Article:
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Under the Seamans Center

Posted on April 20th, 2016

Fossils provide a glimpse of life in Iowa 385 million years ago

Fossiliferous limestone from about 30 feet below the surface at the Seamans Center expansion building site.

Fossiliferous limestone from about 30 feet below the surface at the Seamans Center expansion building site.

Most of us rarely think about what might be 25 feet underneath our feet. If you dug down that far, you might find remnants of a past very different from the world we live in today.

That’s what happened recently at the Seamans Center expansion site on the University of Iowa campus. As Knutson Construction workers drilled into the bedrock 25–35 feet beneath the surface to get a solid footing for the caissons that will hold up the new building, they began bringing up some unusual looking rocks. Fascinated, foreman Dave Mellecker set them aside.

Later, he showed the rocks to others, including geologist Ryan Clark of the Iowa Geological Survey (a unit of IIHR—Hydroscience & Engineering). Clark says that the chunks of limestone from the building site do include fossils, and here’s the kicker: They’re about 385 million years old.

“They were probably covered up during the last glaciation,” Clark says, “so they haven’t seen the light of day in at least half a million years or so.” He says the fossilized creatures were very akin to a modern coral reef—corals, sponge-type animals, and some smaller animals such as brachiopods (a type of bivalve) and crinoids (a relative of the starfish).

Rocks like this one caught the eye of construction workers at the Seamans Center expansion site.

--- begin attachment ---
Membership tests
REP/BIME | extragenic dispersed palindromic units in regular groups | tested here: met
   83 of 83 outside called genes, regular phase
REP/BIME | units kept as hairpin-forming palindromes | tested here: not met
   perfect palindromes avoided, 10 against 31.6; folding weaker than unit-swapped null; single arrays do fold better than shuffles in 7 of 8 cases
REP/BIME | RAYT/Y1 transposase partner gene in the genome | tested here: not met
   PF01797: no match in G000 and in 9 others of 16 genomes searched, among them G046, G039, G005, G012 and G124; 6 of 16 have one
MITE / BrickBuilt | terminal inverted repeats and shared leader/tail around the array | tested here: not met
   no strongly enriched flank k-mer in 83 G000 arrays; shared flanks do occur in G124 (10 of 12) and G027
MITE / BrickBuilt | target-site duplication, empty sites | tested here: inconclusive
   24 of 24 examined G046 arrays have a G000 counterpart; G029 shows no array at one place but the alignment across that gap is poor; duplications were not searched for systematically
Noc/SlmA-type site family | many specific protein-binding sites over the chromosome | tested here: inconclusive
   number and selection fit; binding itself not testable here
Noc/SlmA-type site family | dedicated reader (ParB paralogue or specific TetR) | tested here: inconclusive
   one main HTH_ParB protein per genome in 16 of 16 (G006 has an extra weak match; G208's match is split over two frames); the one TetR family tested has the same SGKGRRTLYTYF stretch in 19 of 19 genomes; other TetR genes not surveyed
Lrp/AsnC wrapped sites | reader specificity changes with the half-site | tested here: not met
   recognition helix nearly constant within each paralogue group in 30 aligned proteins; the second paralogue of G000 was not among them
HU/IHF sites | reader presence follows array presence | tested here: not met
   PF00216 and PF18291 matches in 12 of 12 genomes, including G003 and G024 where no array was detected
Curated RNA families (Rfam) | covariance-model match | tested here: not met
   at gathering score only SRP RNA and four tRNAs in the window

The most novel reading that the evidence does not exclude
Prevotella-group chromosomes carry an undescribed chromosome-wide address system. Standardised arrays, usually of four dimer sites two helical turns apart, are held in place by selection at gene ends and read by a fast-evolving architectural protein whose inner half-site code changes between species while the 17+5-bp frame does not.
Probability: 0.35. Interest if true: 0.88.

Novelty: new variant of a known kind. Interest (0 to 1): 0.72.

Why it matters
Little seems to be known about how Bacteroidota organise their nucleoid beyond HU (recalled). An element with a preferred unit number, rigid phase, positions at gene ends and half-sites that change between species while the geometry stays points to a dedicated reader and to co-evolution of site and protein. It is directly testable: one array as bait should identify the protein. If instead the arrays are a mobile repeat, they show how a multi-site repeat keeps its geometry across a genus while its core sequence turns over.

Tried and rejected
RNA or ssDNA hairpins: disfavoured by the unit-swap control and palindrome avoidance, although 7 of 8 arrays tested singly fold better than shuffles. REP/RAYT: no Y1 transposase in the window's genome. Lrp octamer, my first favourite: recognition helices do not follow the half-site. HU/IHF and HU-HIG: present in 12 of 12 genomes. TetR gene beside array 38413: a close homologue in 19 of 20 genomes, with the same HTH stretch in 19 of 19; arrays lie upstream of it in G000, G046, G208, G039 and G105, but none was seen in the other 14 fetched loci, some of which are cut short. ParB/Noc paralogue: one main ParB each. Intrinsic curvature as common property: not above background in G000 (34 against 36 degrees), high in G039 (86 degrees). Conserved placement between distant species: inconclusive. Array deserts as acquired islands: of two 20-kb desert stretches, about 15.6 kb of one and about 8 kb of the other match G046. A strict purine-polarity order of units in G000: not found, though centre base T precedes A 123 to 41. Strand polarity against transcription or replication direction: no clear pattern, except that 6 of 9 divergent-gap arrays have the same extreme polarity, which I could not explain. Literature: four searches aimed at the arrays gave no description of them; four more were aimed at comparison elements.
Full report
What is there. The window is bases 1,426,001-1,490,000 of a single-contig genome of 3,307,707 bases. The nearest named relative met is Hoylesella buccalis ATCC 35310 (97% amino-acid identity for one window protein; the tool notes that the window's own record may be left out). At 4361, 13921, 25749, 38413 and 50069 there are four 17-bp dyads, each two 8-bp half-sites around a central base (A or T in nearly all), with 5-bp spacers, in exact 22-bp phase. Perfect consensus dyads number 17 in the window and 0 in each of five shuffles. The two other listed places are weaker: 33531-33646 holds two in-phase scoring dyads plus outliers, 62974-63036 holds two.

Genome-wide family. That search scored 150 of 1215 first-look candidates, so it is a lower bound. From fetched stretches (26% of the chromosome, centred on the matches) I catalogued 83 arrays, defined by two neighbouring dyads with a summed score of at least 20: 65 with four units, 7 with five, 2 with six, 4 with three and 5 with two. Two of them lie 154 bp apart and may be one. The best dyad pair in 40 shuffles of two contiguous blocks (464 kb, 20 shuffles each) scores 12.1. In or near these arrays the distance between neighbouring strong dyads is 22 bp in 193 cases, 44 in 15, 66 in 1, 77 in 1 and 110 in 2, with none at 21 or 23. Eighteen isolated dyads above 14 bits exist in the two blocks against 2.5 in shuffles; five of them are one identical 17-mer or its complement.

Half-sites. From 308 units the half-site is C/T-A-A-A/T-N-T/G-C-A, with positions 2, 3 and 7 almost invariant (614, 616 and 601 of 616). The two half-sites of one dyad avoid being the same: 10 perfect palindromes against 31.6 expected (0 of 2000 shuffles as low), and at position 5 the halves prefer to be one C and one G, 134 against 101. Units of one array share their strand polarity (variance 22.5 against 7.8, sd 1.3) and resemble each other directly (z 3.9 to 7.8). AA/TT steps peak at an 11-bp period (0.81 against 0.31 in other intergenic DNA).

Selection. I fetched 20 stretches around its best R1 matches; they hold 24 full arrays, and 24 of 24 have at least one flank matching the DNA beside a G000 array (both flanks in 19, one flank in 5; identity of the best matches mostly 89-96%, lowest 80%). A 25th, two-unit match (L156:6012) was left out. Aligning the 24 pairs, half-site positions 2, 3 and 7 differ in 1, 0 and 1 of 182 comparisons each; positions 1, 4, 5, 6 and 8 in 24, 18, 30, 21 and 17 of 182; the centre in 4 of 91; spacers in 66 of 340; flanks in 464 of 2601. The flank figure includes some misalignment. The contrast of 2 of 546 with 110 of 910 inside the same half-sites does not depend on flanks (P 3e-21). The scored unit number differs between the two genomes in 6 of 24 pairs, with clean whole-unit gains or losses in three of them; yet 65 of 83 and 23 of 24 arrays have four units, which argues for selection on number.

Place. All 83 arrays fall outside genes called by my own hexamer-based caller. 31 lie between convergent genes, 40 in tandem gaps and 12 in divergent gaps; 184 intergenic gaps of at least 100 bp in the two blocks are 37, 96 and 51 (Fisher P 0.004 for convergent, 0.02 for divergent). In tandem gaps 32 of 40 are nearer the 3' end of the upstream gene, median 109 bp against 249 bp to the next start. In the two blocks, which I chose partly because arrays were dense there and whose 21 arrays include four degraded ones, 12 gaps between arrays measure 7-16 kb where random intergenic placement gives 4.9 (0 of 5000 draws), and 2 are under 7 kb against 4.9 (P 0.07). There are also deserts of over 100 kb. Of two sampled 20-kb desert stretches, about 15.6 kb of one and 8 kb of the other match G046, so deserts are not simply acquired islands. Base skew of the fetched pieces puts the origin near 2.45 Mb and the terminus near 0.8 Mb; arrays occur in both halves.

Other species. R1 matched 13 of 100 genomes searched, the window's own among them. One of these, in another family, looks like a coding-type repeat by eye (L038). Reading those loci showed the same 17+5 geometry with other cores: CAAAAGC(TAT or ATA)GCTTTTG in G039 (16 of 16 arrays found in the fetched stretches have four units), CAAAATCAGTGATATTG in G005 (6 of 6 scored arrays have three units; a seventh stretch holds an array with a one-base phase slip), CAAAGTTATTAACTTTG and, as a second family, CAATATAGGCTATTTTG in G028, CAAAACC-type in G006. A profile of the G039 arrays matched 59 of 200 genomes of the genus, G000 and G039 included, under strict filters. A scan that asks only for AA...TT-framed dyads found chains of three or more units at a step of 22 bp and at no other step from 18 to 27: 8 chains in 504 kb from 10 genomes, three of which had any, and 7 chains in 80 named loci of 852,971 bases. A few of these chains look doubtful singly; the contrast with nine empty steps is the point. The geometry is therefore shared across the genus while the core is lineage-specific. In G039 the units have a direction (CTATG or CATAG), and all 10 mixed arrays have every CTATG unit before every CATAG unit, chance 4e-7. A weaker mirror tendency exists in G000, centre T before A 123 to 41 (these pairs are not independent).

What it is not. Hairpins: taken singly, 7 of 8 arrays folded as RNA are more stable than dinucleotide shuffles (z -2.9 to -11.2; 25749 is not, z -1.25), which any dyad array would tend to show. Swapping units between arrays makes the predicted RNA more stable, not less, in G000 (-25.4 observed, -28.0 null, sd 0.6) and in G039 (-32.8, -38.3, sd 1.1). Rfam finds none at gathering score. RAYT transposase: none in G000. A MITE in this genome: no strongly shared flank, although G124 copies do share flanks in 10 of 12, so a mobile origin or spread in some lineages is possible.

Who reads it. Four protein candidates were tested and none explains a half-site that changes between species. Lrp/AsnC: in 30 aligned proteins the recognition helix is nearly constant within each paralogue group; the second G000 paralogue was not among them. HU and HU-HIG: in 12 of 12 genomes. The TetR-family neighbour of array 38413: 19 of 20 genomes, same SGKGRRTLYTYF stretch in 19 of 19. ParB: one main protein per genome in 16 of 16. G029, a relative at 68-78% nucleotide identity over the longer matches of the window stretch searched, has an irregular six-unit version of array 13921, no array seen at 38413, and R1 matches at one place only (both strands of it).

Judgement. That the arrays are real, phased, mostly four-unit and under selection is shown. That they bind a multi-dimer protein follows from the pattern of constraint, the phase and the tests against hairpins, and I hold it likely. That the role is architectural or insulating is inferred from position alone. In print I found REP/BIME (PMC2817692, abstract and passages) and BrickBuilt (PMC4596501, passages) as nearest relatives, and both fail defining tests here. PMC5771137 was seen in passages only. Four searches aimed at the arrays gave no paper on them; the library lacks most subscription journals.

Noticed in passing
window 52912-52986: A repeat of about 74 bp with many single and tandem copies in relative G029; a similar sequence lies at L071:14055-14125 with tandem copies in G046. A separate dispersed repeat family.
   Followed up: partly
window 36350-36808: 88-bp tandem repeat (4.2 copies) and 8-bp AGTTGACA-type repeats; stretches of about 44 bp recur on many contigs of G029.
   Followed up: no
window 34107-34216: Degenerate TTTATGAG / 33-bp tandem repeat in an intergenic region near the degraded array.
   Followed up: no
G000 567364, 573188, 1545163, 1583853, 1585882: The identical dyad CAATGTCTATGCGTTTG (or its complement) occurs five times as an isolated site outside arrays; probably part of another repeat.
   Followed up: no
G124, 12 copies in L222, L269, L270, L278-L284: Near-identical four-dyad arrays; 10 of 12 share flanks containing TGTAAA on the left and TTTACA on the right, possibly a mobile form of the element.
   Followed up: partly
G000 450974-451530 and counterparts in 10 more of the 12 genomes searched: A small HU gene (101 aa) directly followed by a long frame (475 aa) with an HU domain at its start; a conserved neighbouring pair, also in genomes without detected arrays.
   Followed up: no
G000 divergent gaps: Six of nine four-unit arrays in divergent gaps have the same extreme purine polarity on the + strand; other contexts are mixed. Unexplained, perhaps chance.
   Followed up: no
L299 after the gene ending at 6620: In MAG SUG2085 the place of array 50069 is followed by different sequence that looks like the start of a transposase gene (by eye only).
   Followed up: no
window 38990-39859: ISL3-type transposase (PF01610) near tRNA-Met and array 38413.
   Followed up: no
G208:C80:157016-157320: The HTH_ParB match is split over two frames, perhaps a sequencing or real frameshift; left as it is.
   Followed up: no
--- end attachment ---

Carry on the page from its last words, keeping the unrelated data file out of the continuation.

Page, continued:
Rocks like this one caught the eye of construction workers at the Seamans Center expansion site.

Geologists have known for a long time that Iowa has been covered by oceans many times in its geologic history, and these fossils confirm this well-understood fact. “The fossils themselves—we know a lot about them, we knew they were there,” Clark says. “So in that regard, it’s not terribly unique.” What’s interesting to Clark and others, though, is the unique look of the fossils. Rock outcrops around the University of Iowa campus reveal similar fossils, but these stand out in relief in a way that is unusual, Clark explains. “You don’t see that in a normal exposure.”

He says that slightly-acidic rainwater percolating down through the soil eats away at the softer material, leaving behind the exposed fossils, which are solid calcite and thus much more durable. “As what we call matrix material has been leached away, it has exposed these fossils in a really nice form,” Clark says.

IGS Geologist Ryan Clark speaks on camera for the media.

IGS Geologist Ryan Clark speaks on camera for the media.

The Seamans Center fossils have garnered a lot of media attention, and Clark has been interviewed by journalists from the Cedar Rapids Gazette, Fox 28, KCRG-TV, and KWWL-TV. The story took off and appeared in cities far from Iowa and the Midwest, including Salt Lake City, Tampa, Miami, Orlando, Green Bay, West Palm Beach, and Memphis. “I couldn’t believe it!” Clark says. “I think the thing that really captivated people is the idea of 385 million years. I think in those time frames all the time, but it’s not what most people do.”

If you’re on the University of Iowa campus and want to see similar fossils, all you have to do is stop by the Old Capitol, which was built from the same kind of rock quarried from sites around campus (an outcrop is visible across Riverside Drive from the Stanley Hydraulic Lab). The lower sections of the Old Capitol are made from “fossiliferous limestone,” Clark says. Get up close and you can see big coral fossils and the like.

Some of the Seamans Center fossils will be on display in Trowbridge Hall on the UI campus, which is home to the Iowa Geological Survey. “It’s partly a museum,” Clark says. “We love showing them off, and they’re really interesting. You can learn a lot from them.”

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